Plant Profile: Virginia Bluebells


Virginia Bluebells (Mertensia virginiana) are a native plant to the Mid-Atlantic USA.

They thrive in deciduous shade and moist soil. If happy in a location, they will readily self-seed and form a nice colony in a few years. You can collect the seeds and scatter them as you like. You can also dig and divide them to spread them about.

Enjoy them while they are in season. You can see them in bloom en masse in early to mid-April in publicly accessible locations all around the Washington, DC region. Here is a link to our list of local Bluebell viewing hot spots: http://washingtongardener.blogspot.com/2014/04/best-spots-for-viewing-virginia.html.

Because they are ephemeral, in your own garden you will want to plant a companion that comes up as the Virginia Bluebells are fading -- like Ferns, Hostas, and Astilbes.

And surprise! Despite the name, not all Virginia Bluebells are blue – some are pink or white!

Virginia Bluebells need no real maintenance and are generally rabbit- and deer-proof.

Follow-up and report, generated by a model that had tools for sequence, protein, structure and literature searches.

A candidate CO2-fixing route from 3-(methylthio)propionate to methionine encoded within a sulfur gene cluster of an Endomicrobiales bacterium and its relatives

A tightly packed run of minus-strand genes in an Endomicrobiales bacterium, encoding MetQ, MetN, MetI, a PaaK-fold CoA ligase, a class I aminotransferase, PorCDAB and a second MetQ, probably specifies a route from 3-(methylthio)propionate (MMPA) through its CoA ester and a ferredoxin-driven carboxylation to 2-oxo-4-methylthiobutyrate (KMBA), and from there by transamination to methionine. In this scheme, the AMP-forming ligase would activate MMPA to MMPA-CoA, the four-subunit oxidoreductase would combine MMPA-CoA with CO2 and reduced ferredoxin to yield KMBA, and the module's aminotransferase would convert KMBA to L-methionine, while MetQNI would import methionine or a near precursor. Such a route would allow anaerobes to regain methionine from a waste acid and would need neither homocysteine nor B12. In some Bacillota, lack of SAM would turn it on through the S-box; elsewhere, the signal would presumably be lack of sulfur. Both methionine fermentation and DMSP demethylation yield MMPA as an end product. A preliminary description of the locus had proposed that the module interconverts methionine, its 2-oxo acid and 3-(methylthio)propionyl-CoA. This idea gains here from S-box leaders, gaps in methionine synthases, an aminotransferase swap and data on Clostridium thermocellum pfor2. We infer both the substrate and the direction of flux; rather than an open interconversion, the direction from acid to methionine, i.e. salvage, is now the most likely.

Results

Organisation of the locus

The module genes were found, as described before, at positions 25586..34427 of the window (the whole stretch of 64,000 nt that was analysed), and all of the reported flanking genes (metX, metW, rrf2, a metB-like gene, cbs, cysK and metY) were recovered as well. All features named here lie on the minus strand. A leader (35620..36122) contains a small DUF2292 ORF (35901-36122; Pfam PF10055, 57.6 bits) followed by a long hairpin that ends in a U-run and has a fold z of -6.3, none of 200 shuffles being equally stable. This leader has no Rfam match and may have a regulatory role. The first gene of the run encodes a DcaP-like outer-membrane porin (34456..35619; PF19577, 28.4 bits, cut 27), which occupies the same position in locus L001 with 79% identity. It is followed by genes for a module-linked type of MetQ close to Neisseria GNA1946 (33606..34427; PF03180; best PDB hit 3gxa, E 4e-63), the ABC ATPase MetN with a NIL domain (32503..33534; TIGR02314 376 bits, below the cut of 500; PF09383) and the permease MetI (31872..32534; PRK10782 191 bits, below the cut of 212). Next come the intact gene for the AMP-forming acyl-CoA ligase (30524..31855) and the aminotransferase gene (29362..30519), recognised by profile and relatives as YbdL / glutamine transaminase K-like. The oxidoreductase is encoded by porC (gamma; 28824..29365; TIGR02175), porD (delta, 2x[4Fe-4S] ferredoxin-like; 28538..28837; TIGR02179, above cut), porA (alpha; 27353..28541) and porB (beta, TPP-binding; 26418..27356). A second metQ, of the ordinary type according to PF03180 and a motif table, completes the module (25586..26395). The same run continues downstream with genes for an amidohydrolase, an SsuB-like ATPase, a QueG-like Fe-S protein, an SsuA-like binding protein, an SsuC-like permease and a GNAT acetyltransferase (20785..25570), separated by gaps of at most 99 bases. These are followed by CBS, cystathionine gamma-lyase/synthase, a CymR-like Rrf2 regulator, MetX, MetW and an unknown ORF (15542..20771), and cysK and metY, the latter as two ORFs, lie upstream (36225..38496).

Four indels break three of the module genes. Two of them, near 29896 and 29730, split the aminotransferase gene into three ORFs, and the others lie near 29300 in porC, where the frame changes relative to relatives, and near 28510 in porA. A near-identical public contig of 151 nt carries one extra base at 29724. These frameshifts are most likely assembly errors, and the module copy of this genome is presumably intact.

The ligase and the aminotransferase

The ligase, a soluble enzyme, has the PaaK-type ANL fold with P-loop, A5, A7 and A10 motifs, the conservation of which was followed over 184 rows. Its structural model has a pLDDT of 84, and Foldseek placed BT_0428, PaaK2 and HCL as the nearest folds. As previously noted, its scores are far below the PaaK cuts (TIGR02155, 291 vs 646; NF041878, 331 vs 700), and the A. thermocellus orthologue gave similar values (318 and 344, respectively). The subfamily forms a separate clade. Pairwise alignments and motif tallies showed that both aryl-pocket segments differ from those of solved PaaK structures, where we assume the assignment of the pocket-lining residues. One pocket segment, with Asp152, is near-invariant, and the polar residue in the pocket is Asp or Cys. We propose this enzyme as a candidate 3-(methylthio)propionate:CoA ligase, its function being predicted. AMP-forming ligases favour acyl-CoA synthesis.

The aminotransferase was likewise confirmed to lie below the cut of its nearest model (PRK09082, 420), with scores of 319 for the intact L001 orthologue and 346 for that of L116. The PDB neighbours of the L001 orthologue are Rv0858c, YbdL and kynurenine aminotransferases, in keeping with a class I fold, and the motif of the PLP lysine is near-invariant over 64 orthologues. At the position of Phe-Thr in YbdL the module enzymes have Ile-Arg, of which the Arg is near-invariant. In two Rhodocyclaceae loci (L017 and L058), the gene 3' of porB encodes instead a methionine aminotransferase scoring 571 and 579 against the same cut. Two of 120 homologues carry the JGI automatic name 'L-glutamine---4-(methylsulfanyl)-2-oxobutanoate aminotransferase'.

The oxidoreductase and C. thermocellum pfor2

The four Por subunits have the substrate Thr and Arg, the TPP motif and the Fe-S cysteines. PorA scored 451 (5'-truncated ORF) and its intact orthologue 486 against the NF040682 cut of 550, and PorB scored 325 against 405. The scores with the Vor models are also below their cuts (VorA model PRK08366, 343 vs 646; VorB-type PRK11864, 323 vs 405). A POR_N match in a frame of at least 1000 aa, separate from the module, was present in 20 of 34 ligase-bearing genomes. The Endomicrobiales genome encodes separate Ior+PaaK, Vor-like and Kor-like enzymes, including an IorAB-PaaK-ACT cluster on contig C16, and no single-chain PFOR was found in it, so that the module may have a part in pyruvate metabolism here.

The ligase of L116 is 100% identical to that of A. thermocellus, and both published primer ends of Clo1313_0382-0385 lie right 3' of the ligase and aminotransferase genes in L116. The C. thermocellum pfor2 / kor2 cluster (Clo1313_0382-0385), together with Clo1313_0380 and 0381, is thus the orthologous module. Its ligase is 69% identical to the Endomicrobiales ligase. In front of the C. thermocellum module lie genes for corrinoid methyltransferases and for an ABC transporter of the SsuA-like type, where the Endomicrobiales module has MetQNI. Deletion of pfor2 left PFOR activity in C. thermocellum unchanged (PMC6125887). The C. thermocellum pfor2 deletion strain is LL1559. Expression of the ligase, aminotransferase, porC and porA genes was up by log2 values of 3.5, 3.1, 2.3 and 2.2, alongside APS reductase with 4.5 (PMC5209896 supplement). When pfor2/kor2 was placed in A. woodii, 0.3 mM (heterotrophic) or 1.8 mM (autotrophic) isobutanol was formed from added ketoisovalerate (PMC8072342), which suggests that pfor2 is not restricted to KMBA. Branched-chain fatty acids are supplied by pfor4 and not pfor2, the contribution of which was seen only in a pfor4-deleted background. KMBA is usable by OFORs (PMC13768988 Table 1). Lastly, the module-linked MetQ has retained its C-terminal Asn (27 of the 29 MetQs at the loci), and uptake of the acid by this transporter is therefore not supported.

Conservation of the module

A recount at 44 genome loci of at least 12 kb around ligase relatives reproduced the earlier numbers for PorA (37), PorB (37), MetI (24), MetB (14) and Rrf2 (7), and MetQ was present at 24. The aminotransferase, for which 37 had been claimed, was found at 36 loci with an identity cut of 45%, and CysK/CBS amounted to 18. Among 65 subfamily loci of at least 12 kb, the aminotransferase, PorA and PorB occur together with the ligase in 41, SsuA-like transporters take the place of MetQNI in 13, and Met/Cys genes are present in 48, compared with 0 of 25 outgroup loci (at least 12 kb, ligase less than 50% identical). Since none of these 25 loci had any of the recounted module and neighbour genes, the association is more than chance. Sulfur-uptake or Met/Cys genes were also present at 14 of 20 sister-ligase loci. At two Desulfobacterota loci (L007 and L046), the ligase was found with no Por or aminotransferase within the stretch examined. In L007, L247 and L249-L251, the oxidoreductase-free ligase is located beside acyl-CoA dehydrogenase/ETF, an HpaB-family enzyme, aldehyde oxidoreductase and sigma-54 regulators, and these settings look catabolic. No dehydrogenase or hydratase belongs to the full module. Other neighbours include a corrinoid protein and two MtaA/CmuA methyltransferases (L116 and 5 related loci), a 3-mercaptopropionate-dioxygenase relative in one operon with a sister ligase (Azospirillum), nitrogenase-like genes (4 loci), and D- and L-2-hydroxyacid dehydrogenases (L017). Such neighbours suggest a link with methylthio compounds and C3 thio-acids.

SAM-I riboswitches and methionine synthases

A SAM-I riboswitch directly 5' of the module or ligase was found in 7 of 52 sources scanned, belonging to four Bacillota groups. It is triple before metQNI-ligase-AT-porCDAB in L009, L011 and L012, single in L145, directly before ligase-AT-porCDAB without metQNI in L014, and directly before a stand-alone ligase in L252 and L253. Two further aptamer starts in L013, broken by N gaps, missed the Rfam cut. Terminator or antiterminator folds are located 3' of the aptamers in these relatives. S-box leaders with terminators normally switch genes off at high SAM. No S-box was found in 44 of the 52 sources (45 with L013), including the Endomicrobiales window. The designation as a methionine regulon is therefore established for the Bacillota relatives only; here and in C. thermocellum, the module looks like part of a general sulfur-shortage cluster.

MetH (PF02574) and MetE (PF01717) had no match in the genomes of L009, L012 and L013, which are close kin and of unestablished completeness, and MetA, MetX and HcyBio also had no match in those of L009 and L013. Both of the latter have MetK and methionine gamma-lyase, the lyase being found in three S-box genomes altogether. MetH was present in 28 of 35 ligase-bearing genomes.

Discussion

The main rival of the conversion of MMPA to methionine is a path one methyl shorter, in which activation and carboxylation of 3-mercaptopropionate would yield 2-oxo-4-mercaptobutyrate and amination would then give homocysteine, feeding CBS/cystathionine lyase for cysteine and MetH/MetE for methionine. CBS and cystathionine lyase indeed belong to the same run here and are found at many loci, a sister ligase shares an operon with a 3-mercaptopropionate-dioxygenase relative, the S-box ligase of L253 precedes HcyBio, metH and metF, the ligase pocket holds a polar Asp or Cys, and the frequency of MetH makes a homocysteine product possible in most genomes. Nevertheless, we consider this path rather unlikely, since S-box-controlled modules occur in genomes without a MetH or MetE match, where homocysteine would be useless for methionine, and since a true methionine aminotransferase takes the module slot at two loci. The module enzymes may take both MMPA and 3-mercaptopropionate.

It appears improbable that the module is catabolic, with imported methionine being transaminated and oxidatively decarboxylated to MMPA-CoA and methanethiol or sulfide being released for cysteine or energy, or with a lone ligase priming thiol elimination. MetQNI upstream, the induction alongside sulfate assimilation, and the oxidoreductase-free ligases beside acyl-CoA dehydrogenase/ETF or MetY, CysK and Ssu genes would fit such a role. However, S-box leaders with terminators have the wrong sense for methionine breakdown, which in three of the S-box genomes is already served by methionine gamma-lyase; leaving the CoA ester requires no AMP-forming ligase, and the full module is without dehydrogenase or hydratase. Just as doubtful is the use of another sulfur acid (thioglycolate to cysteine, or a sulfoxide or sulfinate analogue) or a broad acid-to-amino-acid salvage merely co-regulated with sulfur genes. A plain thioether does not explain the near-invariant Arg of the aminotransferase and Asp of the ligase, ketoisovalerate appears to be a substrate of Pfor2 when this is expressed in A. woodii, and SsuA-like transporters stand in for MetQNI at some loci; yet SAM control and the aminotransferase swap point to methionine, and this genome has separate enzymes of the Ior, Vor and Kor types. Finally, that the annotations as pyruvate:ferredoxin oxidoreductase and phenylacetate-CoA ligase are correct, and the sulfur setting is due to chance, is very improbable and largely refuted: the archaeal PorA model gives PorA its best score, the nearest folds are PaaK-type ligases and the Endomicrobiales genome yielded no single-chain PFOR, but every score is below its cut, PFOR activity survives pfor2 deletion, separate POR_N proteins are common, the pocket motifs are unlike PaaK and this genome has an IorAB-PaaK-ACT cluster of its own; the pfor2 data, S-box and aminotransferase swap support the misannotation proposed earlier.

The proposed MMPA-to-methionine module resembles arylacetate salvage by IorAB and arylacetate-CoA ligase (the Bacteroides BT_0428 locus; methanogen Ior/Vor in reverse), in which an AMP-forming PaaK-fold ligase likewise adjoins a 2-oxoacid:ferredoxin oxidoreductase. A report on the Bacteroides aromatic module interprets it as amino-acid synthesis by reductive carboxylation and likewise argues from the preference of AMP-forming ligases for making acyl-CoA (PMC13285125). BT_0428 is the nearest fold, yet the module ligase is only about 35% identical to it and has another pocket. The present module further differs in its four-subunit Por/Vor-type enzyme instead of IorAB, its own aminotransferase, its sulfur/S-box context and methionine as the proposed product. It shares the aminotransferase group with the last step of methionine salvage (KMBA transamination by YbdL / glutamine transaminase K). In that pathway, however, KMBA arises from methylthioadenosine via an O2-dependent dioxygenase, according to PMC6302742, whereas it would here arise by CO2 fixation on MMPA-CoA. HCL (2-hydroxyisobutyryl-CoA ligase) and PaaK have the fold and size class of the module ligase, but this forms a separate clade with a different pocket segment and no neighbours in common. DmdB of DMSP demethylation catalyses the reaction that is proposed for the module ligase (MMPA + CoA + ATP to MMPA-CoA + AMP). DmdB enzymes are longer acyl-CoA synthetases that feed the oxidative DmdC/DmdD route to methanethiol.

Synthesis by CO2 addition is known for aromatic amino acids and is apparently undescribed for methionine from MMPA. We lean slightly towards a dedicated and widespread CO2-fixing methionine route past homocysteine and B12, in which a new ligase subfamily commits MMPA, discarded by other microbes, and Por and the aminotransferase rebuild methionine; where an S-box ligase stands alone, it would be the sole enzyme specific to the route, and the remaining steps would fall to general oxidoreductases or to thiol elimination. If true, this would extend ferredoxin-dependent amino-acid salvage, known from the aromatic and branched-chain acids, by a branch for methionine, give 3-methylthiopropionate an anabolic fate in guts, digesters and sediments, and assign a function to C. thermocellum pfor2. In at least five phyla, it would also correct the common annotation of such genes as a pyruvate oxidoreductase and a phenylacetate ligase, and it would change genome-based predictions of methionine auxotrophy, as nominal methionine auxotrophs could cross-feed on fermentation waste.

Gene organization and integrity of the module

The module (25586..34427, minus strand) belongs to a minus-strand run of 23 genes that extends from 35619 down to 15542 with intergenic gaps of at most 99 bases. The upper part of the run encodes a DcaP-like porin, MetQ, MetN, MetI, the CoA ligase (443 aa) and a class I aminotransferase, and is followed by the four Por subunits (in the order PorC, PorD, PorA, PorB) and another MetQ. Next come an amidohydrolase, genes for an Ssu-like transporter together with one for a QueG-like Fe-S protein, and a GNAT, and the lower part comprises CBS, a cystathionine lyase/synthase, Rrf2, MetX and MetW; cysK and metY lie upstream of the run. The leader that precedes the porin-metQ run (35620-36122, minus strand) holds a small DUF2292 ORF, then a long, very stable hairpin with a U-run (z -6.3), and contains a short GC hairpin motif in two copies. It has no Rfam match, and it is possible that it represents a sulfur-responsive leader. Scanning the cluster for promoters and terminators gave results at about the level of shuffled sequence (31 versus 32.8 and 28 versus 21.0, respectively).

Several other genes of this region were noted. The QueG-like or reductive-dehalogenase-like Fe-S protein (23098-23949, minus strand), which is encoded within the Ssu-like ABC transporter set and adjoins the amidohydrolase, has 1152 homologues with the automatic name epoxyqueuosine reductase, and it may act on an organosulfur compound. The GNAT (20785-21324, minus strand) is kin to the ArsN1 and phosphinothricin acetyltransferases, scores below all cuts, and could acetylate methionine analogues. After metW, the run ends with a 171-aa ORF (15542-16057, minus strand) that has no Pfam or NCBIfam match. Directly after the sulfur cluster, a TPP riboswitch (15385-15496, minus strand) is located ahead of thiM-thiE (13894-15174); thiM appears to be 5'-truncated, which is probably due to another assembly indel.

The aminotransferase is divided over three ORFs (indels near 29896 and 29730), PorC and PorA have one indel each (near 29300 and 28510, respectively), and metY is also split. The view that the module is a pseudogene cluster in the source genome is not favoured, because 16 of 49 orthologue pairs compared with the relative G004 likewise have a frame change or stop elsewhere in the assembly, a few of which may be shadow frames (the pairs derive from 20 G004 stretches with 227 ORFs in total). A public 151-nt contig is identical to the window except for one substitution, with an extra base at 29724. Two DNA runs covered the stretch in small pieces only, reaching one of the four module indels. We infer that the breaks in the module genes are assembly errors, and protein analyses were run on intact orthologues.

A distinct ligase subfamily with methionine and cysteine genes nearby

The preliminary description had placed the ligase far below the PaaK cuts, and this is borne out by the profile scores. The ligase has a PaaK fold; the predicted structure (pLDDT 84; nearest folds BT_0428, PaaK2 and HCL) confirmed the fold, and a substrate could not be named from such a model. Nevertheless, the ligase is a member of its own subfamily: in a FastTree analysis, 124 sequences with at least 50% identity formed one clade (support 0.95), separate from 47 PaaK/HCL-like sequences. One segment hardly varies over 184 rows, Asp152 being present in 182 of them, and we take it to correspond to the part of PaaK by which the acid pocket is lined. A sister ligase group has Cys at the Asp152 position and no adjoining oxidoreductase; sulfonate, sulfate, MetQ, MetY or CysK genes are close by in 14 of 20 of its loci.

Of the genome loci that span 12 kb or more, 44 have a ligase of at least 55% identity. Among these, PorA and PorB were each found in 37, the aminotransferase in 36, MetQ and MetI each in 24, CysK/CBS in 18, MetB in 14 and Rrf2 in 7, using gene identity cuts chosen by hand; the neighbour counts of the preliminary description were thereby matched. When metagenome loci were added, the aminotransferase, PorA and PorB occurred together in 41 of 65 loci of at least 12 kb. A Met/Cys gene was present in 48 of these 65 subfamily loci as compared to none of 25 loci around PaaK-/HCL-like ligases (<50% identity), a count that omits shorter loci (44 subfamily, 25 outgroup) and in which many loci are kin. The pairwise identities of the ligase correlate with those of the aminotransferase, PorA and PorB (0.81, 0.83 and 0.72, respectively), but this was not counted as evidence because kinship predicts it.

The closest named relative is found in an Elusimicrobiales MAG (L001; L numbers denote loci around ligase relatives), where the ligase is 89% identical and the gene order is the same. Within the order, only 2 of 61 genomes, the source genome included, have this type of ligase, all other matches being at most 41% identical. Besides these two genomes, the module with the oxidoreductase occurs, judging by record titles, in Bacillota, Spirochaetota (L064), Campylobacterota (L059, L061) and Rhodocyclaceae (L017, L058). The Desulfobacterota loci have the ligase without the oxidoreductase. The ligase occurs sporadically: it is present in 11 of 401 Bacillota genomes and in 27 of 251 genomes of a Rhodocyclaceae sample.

Read more about Virginia Bluebells in the April 2015 issue of Washington Gardener Magazine (http://washingtongardener.blogspot.com/2015/04/washington-gardener-magazine-april-2015.html).

Virginia Bluebells – you can grow that!

The video was produced by Washington Gardener Magazine and edited by intern Allison O'Reilly.

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All who are involved with You Can Grow That! (YCGT!) believe that plants and gardening enhance our quality of life. We want people to be successful with what they grow and to become more aware of the many gifts that horticulture brings. Find out more at http://www.youcangrowthat.com/.

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